09/16/2008 11:00PM

Maryland bans steroids


The Maryland Racing Commission has approved new restrictions on anabolic steroids for Thoroughbreds that are expected to be in place by Jan. 1, making it likely that the drugs will be banned in all three states that play host to the Triple Crown races.

The decision in Maryland, which had been expected for weeks, was made on Tuesday and followed a similar move last month by the Kentucky Racing Commission. New York, the home of the Triple Crown's third leg, the Belmont Stakes, is in the process of approving stricter rules on steroid use.

The approval in Maryland, site of the second leg of the Triple Crown, the Preakness, brings the number of states that have passed regulations regarding anabolic steroids to 14. Several national racing organizations have been aggressively lobbying racing commissions to adopt anabolic-steroid regulations because of heightened scrutiny on the use of the drugs in Thoroughbred racing, which had been unregulated.

"I think the general consensus in the industry is that these drugs shouldn't be used the way they've been used," said Mike Hopkins, executive director of the Maryland Racing Commission.

The new policy would add four anabolic steroids - boldenone, nandrolone, stanozolol, and testosterone - to the state's list of barred substances. An administrative panel composed of state delegates and senators must approve the measure before it can go into effect, Hopkins said. He said the racing commission approved the restrictions on an emergency basis so the review process could be expedited.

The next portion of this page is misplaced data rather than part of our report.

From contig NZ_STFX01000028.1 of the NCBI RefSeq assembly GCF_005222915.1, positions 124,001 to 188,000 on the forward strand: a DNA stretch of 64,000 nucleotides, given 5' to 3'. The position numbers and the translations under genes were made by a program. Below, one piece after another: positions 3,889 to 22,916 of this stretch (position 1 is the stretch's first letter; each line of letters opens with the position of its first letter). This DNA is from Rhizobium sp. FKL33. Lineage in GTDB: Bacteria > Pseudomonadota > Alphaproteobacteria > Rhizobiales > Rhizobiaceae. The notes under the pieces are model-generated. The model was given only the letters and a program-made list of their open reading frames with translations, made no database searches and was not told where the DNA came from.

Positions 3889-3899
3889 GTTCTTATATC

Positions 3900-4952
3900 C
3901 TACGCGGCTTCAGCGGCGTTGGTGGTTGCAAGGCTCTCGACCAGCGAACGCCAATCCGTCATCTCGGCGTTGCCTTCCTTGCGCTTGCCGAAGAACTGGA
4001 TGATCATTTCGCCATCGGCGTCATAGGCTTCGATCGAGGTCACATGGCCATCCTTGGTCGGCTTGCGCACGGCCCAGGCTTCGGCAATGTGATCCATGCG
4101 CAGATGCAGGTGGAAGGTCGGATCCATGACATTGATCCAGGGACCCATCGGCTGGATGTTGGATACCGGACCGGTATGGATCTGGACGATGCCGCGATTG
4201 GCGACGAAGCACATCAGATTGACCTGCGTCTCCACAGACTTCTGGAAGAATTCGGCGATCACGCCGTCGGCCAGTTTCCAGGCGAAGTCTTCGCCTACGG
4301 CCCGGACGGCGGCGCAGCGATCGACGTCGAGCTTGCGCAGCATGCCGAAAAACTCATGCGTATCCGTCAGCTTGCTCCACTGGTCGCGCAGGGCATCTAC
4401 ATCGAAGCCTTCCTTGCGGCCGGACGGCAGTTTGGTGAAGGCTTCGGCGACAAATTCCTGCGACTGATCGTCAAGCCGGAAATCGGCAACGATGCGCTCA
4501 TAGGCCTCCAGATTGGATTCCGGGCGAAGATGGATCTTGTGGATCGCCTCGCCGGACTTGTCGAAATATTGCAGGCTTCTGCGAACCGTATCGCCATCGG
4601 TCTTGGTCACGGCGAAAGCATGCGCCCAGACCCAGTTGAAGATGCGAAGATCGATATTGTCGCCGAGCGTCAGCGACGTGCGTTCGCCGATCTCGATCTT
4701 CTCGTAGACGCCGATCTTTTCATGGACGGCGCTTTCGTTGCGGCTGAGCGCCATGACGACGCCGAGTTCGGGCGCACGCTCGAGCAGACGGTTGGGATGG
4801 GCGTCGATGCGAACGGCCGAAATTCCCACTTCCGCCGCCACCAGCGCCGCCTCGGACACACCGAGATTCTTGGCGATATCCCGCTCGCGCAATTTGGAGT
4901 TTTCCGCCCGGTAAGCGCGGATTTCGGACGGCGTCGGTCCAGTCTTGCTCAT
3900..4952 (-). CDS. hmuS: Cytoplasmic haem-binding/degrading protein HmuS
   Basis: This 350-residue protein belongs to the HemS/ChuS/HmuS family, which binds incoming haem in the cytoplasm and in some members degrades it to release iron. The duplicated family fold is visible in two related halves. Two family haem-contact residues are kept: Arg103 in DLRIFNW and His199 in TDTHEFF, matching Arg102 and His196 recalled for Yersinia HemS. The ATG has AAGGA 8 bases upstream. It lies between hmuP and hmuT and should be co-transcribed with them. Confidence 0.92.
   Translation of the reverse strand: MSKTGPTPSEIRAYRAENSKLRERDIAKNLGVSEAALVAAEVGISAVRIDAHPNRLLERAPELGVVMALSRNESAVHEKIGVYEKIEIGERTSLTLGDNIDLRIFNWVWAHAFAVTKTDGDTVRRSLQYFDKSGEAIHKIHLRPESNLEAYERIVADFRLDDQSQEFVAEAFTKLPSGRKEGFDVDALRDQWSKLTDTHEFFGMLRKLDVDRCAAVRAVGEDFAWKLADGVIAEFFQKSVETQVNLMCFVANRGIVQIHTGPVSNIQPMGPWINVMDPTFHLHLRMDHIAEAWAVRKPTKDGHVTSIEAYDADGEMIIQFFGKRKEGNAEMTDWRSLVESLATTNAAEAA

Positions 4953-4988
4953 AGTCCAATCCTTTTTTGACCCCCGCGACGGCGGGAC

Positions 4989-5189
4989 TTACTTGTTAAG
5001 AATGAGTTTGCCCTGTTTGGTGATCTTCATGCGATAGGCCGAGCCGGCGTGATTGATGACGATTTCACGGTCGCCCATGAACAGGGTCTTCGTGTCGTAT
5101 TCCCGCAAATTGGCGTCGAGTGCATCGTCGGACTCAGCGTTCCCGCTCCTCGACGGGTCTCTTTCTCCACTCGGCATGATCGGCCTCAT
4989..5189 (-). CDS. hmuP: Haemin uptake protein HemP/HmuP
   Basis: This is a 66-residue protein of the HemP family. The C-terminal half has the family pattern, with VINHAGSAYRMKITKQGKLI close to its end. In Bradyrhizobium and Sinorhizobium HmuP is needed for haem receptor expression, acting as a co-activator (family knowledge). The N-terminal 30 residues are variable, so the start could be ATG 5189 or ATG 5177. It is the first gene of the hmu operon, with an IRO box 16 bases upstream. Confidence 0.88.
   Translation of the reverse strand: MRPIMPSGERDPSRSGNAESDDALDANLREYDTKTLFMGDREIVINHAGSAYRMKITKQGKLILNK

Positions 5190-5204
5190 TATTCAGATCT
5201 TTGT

"I'm very proud that Maryland has joined the ban," said veteran trainer J. William Boniface. "It's better for the sport, the sport's image and, more importantly, for the horse."

The restrictions would bar horses from having steroids in their blood above certain levels. Hopkins said veterinarians agree that the substances are harmless below those levels.

The commission based its standards on recommendations by the Racing Medication and Testing Consortium, a national organization of horsemen, racing officials, and veterinarians that is pushing for measures to improve the integrity of racing.

The Maryland racing commission tests the first- and second-place finishers in every race. The policy approved Tuesday does not include penalties for trainers caught administering steroids. Hopkins said horsemen and racing officials will decide on those standards by Jan. 1.

Hopkins said he does not expect the new regulations to have a major effect on most trainers. Those who work in neighboring Pennsylvania, Delaware, and Virginia are used to them, he said, because of steroid regulations that went into effect earlier this year.

California, the site of this year's Breeders' Cup event, is also already enforcing steroid regulations. This will be the first year that the Breeders' Cup will be run under a ban on the drugs.